THERE was commotion on the beach at Mersea City.

A man of war, a schooner, lay off the entrance to the Blackwater, and was signalling with bunting to the coastguard ship, permanently anchored off the island, which was replying. War had been declared with France some time, but as yet had not interfered with the smuggling trade which was carried on with the Low Countries. Cruisers in the Channel had made it precarious work along the South Coast, and this had rather stimulated the activity of contraband traffic on the East. It was therefore with no little uneasiness that a warship was observed standing off the Mersea flats. What was the purport of the correspondence carried on between the schooner and the coastguard? Such was the query put about among those gathered on the shingle.

They were not long left in doubt, for a boat manned by coastguards left the revenue vessel and ran ashore, the captain sprang out, and went up the beach to his cottage, followed by a couple of the crew. The eager islanders crowded round the remainder, and asked the news.

The captain was appointed to the command of the schooner, the Salamander, which had come from the Downs under the charge of the first lieutenant, to pick him up. The destiny of the Salamander was, of course unknown.

Captain Macpherson was a keen, canny Scot, small and dapper; as he pushed through the cluster of men in fishing jerseys and wading boots he gave them a nod and a word, "You ought to be serving your country instead of robbing her, ye loons. Why don't you volunteer like men, there's more money to be made by prizes than by running spirits."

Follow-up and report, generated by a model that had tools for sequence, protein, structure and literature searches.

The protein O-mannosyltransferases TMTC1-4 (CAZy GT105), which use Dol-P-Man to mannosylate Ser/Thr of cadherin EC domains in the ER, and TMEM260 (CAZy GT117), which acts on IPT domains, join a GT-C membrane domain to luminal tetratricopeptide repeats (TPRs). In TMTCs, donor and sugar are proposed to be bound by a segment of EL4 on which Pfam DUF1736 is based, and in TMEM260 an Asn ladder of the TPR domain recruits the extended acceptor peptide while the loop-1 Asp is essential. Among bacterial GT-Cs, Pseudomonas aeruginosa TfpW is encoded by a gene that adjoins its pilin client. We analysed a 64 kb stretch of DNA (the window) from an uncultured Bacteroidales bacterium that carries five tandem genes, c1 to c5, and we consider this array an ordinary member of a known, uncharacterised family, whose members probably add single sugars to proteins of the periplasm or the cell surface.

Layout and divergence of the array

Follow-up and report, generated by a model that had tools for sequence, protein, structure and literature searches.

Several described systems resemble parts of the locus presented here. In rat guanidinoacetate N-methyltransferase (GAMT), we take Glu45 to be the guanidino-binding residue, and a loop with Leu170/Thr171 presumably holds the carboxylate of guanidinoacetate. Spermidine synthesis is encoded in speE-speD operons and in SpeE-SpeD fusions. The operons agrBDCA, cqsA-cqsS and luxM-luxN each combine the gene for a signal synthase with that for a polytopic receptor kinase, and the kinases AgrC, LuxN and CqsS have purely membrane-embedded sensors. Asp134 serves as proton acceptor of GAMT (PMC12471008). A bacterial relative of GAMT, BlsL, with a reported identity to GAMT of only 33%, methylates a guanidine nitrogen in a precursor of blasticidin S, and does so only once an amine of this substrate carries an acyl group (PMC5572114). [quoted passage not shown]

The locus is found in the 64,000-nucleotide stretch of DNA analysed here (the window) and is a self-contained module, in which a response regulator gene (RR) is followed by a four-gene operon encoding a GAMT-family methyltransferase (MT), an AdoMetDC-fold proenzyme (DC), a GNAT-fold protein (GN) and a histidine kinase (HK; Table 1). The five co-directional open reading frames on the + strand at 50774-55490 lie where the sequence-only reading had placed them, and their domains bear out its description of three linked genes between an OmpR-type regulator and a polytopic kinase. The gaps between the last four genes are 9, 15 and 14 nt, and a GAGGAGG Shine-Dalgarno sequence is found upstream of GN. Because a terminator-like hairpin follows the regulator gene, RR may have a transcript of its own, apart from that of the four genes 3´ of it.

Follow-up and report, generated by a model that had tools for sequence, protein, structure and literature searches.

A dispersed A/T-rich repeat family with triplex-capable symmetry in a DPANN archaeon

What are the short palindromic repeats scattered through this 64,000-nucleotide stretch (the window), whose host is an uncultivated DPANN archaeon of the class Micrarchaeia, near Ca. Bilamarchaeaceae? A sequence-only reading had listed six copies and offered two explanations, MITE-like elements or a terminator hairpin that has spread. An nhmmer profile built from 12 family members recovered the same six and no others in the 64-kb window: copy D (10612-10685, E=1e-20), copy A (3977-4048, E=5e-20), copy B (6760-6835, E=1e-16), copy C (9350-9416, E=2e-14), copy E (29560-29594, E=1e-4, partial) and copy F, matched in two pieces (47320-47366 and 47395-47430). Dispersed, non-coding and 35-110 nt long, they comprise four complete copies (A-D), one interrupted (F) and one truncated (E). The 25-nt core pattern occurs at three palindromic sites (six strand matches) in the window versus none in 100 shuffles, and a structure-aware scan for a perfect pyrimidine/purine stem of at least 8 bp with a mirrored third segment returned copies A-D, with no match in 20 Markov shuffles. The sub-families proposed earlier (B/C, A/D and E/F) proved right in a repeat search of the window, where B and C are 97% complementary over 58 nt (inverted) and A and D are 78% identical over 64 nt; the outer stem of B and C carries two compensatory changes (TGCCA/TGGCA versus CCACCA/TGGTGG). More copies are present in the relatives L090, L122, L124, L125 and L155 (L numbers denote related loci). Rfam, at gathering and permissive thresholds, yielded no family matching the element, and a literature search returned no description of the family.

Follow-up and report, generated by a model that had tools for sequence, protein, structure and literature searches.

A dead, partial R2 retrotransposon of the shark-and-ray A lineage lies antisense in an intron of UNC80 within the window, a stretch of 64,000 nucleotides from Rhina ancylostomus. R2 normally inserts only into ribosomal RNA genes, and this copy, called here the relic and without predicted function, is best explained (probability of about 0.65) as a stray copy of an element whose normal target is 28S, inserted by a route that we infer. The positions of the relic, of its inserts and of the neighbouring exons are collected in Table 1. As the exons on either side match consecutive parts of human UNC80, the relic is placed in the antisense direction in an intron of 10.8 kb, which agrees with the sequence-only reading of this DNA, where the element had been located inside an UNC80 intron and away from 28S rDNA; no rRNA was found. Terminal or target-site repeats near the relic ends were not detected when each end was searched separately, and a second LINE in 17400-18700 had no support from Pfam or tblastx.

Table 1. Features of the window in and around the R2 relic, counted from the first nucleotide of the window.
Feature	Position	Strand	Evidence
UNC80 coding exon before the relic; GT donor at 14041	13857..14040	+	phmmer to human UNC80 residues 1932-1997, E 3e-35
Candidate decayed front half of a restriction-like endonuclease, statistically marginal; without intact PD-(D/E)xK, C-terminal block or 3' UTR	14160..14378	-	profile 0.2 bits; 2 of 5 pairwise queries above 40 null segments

"That won't do, captain," said Jim Morrell, an old fisherman. "We know better than that. There's the oysters."

"Oysters!" exclaimed the captain; "there'll be no time for eating oysters now, and no money to pay for them neither. Come along with me, some of you shore crabs. I promise you better sport than sneaking about t he creeks. We'll have at Johnny Crapaud with gun and cutlass."

Then he entered his cottage to say farewell to his wife.

Attention was all at once distracted by a young woman in a tall taxcart who was endeavouring to urge her horse along the road, but the animal, conscious of having an inexperienced hand on the rein, played a number of tricks, to her great dismay.

"Oh, do please some of you men lead him along. He is frightened by seeing so many of you."

"Where are you going, Phoebe?" asked old Morrell.

"I'm only going to Waldegraves," she answered. "Oh bother the creature! There he goes again!" as the horse swung round.

"De Witt!" she cried, "do hold his head."

George at once went to the rescue.

"Lead him on, De Witt, please, till we are away from the beach."

The young man good-naturedly held the bit, and the horse obeyed.

"Why, Phoebe," said De Witt, "what are you driving for? Waldegraves is not more than a mile and a half off, and you might have walked the distance well enough."

"I've sprained my ankle, and I can't walk. I must go to Waldegraves, I have a message there to my aunt, so Isaac Mead lent me the horse."

"Can't you go on now?" asked De Witt letting go the bridle. The horse began to jib and rear.

"You are lugging at his mouth fit to break his jaw, Phoebe. No wonder the beast won't go."

"Am I, George? I don't understand the horse. Oh dear! I shall never get to Waldegraves by myself."

"Don't jab his mouth in that way."

"He is turning round. He will go home again. Oh George! Save me."

"Of course he will turn if you drag at the rein."

"I don't understand horses," burst forth Phoebe, and she threw the reins down. "George, there's a good, dear fellow, jump in beside me. There's room for two, quite cosy. Drive me to Waldegraves." She put her two hands together, and looked piteously in the young man's face.